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Alexander Reaches His Limits by Arrian
by Jim Jones, West Chester University of Pennsylvania (c.2013)
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Flavius Arrianus (90-160 CE) was a Roman citizen and member
of a Greek noble family resident in Nicomedia (modern Turkey).
He was a friend of Emperor Hadrian who appointed him governor
of Cappadocia (northeastern interior of the modern
country of Turkey), a border province which he
successfully defended against barbarian invaders. He wrote a
history of Alexander of Macedonia, one of the most successful
conquerers in history. This reading describes the arguments
employed by Alexander and his generals as they debated whether to
continue their conquest beyond the Indus River. Besides describing
further opportunities, Alexander listed everything they had already
conquered, including all of the Persian empire.
Someone once defined an empire by saying "A king rules his people; an emperor rules his peoples." This is a good way to understand the kind of political unit that the Persians created, and which inspired imitators for centuries to come. It also suggests the second challenge faced by an empire -- how to administer an empire after conquering one. Kings lead people who are all connected to each other in some way, so kings can rely on their loyalty to family and ancestors, as well as a common language and system of beliefs, to obtain obedience. Emperors enjoy those advantages with their own people, but they have to find ways to obtain loyyalty and obedience from conquered peoples who once had their own kings.
As we have already learned, the Persian Empire started to form around 550 BCE when a group of nomadic pastoralists, led by Cyrus, defeated their neighbors. The Persian Empire grew quickly and much larger than earlier states like those in the Nile Valley and Mesopotamia, and eventually conquered Greek colonies along the Mediterranean Coast. The Greeks fought back, the Persians invaded, and Greek society was transformed as a result. Greek records portray the Persians as an "evil empire," and Greek leaders used the threat of a Persian invasion to justify military alliances, taxation, and other actions.
That continued until 339 BCE, when Philip of Macedonia assembled an army that invaded the Greek city-states from the north and conquered them all. Citing the threat of a new Persian invasion (even though more than 140 years had passed since the last one), Philip organized the Greeks into a new defensive "league," but unlike the Delian League, Philip's league openly had a single leader -- him. After Philip was assassinated in 336 BCE, his son Alexander took over and continued the military campaign, conquering everything from Greece to as far east as India. In the process, Alexander's forces conquered the entire Persian Empire by 326 BCE.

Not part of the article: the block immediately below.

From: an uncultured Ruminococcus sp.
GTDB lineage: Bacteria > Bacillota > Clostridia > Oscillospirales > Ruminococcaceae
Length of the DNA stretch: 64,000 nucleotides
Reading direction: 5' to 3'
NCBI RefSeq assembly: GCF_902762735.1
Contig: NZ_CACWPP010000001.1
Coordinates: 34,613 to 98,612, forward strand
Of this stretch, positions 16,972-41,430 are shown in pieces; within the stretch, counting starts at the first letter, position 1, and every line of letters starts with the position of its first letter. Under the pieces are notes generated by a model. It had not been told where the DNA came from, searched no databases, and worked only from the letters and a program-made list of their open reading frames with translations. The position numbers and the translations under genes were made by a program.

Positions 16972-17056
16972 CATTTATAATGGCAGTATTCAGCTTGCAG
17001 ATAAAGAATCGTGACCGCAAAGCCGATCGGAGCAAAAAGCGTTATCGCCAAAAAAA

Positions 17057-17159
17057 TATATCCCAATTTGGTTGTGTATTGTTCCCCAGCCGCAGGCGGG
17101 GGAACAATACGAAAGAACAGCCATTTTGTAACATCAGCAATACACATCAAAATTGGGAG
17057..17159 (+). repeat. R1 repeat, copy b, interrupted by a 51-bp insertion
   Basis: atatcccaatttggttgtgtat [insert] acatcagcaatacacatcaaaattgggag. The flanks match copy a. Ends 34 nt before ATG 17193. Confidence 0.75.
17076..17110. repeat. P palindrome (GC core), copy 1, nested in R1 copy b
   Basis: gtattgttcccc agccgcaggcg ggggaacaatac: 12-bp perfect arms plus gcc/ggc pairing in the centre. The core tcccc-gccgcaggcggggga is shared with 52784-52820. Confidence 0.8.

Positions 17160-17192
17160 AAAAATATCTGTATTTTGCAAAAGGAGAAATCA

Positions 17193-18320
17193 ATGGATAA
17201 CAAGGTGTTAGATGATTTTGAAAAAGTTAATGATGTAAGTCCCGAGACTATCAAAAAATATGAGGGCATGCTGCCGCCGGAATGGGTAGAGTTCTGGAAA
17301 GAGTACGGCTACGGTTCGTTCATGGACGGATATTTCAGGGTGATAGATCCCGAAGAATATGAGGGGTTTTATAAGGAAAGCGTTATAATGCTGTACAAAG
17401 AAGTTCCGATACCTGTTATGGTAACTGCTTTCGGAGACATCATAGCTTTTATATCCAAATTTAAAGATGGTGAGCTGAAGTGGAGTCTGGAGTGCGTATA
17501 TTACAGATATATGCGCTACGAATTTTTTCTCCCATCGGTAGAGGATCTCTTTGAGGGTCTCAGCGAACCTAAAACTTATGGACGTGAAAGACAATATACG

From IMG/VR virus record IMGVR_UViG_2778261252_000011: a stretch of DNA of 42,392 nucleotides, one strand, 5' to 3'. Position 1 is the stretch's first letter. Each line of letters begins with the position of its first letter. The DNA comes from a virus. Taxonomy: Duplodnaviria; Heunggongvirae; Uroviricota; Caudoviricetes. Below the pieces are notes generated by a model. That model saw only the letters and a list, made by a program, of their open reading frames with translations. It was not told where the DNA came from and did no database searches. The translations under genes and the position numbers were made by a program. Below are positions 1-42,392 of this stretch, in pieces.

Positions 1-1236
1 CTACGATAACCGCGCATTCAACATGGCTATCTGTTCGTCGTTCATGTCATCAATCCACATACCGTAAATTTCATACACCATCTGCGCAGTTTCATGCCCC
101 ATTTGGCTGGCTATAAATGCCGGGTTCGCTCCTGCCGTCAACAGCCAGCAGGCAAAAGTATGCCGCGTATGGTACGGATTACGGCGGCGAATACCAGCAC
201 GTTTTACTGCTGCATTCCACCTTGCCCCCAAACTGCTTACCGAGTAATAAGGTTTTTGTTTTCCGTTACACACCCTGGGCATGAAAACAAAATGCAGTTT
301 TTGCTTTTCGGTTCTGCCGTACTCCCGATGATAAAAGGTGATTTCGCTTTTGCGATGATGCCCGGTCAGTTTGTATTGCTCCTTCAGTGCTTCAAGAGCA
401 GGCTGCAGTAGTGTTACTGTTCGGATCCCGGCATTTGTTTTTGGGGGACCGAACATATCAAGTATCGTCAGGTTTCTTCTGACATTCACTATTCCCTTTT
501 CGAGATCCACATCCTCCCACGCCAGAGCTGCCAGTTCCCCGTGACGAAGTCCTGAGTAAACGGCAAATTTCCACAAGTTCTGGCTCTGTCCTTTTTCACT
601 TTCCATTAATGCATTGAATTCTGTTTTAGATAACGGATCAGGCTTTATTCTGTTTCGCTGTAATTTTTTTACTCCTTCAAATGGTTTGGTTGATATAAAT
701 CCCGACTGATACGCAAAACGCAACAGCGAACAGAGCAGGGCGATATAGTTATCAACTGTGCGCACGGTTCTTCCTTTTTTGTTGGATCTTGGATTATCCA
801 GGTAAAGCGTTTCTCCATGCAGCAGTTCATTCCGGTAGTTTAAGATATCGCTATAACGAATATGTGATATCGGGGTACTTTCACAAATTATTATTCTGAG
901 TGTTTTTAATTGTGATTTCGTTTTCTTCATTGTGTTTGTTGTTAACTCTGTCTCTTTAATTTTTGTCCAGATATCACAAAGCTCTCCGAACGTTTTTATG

The Empire of Alexander "the Great" of Macedonia
Alexander died suddenly in 323 BCE, before he could make arrangements to transfer power to a successor. His death started forty-three years of civil war between armies led by his generals, and by the time the fighting ended, the Macedonian empire was divided into smaller empires led by descendants of four generals. Ptolemy and his heirs ruled over Egypt, Palestine and Phoenicia; Seleucus controlled Persia, Syria and Mesopotamia; Lysimachus got control over Anatolia (Asia Minor) and Cassander headed the dynasty that ruled Macedonia itself. Despite fighting among themselves, the four empires of the Hellenistic Greek world survived until the Romans conquered them all between 146-30 BCE.
As a consequence of the Macedonian conquests, the Hellenistic
Greeks completed the mixing of Eastern and Mediterranean ideas by
spreading Greek culture, especially architecture and language,
throughout the Persian Empire as far east as India. The conquest
of the east also advanced the Greek study of the physical world
through science and philosophy. Politically, the victory over
the Persians ended the expansion of empires from the inter-communicating
zone to the west. Instead, new centers of power
developed in the Mediterranean region that eventually rivalled
the eastern centers. The Hellenistic Greek period ended when the
Macedonians were conquered by the Romans in 148 BCE.
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